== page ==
In the pursuit of this object we should resolutely turn away from allur ing and temporary expedients, determined to be content with nothing less than a lasting and comprehensive financial plan. In these circumstances I am convinced that a reasonable delay in dealing with this subject, instead of being injurious, will increase the probability of wise action.

The monetary conference which assembled at Brussels upon our invitation was adjourned to the 30th day of November of the present year. The considerations just stated and the fact that a definite proposition

from us seemed to be expected upon the reassembling of the conference led me to express a willingness to have the meeting still further postponed.

It seems to me that it would be wise to give general authority to the President to invite other nations to such a conference at any time when there should be a fair prospect of accomplishing an international agree ment on the subject of coinage.

I desire also to earnestly suggest the wisdom of amending the existing statutes in regard to the issuance of Government bonds. The authority now vested in the Secretary of the Treasury to issue bonds is not as clear as it should be, and the bonds authorized are disadvantageous to the Government both as to the time of their maturity and rate of interest.

Tle Superintendent of Immigration, through the Secretary of the Treasury, reports that during the last fiscal year there arrived at our ports 440,793 immigrants. Of these, 1,063 were not permitted to land under the limitations of the law and 577 were returned to the countries from whence they came by reason of their having become public charges. The total arrivals were 141,034 less than for the previous year.

The Secretary in his report gives an account of the operation of the Marine-Hospital Service and of the good work done under its supervision in preventing the entrance and spread of contagious diseases.

The admonitions of the last two years touching our public health and the demonstrated danger of the introduction of contagious diseases from foreign ports have invested the subject of national quarantine with increased interest. A more general and harmonious system than now exists, acting promptly and directly everywhere and constantly operating by preventive means to shield our country from the invasion of disease, and at the same time having due regard to the rights and duties of local agencies, would, I believe, add greatly to the safety of our people.

The Secretary of War reports that the strength of the Army on the 3oth day of September last was 25,778 enlisted men and 2,144 officers.

The total expenditures of the Department for the year ending June 30, 1893, amounted to $51,966,074.89. Of this sum $1,992,581.95 was for salaries and contingent expenses, $23,377,828.35 for the support of the military establishment, $6,077,033.18 for miscellaneous objects, and $20,518,631.4: for public works. This latter sum includes $15,296,876.46 for river and harbor improvements and $3,266,141.20 for fortifications and other works of defense.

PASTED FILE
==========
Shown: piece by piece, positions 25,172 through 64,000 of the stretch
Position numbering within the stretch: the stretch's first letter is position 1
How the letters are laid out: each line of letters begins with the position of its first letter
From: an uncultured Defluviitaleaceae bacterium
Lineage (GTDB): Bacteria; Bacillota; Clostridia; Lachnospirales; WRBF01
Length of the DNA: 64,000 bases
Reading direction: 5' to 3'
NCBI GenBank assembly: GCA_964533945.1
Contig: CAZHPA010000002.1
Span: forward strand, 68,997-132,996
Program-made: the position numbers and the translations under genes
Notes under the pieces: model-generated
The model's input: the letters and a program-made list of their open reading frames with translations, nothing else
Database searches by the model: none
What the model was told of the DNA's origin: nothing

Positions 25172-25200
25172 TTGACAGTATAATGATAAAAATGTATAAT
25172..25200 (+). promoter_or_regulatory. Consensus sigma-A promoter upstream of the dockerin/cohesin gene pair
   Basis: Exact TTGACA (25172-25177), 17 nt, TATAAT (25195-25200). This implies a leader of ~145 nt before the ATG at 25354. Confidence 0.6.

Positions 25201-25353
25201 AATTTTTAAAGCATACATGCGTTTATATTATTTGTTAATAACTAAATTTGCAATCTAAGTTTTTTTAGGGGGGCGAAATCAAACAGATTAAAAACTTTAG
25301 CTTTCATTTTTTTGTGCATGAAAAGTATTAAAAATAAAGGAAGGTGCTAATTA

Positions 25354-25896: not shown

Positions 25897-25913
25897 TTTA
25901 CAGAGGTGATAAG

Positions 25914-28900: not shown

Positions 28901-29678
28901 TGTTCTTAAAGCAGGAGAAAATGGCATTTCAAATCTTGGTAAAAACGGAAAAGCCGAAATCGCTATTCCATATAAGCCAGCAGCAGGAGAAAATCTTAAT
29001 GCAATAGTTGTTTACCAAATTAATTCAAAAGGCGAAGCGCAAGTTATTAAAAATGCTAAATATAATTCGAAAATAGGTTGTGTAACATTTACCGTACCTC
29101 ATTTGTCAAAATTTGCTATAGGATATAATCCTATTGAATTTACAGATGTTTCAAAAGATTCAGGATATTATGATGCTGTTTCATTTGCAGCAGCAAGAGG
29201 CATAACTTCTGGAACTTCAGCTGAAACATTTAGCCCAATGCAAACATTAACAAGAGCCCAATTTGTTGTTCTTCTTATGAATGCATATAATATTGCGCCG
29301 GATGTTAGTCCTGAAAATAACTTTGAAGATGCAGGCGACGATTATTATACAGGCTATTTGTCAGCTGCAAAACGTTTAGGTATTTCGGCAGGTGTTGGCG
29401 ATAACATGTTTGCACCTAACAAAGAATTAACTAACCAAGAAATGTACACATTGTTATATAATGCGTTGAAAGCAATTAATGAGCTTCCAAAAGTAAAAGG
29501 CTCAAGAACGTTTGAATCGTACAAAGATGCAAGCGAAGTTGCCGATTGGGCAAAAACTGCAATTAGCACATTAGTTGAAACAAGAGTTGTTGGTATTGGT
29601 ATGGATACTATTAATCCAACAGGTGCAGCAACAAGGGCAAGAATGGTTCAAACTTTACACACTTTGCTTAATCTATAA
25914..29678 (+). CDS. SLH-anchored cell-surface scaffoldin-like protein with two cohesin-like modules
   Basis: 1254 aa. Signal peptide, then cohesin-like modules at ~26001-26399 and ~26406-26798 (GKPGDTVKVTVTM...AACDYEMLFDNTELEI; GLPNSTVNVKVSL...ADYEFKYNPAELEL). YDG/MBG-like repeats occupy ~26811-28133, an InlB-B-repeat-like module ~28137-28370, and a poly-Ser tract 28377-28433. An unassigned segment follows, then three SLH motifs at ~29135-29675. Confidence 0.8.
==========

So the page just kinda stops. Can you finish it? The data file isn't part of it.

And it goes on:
The total enrollment of the militia of the several States was on the 31st of October of the current year 112,597 officers and enlisted men. The officers of the Army detailed for the inspection and instruction of this reserve of our military force report that increased interest and marked progress are apparent in the discipline and efficiency of the organization.

Neither Indian outbreaks nor domestic violence have called the Army into srvice during the year, and the only active military duty required of it has been in the Department of Texas, where violations of the neu. trality laws of the United States and Mexico were promptly and efficiently dealt with by the troops, eliciting the warm approval of the civil and military authorities of both countries.

The operation of wise laws and the influences of civilization constantly tending to relieve the country from the dangers of Indian hostilities, together with the increasing ability of the States, through the efficiency of the National Guard organizations, to protect their citizens from domestic violence, lead to the suggestion that the time is fast approaching when there should be a reorganization of our Army on the lines of the present necessities of the country. This change contemplates neither increase in number nor added expense, but a redistribution of the force and an encouragement of measures tending to greater efficiency among the men and improvement of the service.

The adoption of battalion formations for infantry regiments, the strengthening of the artillery force, the abandonment of smaller and unnecessary posts, and the massing of the troops at important and accessible stations all promise to promote the usefulness of the Army. In the judgment of army officers, with but few exceptions, the operation of the law forbidding the reenlistment of men after ten years' service has not proved its wisdom, and while the arguments that led to its adoption were not without merit the experience of the year constrains me to join in the recommendation for its repeal.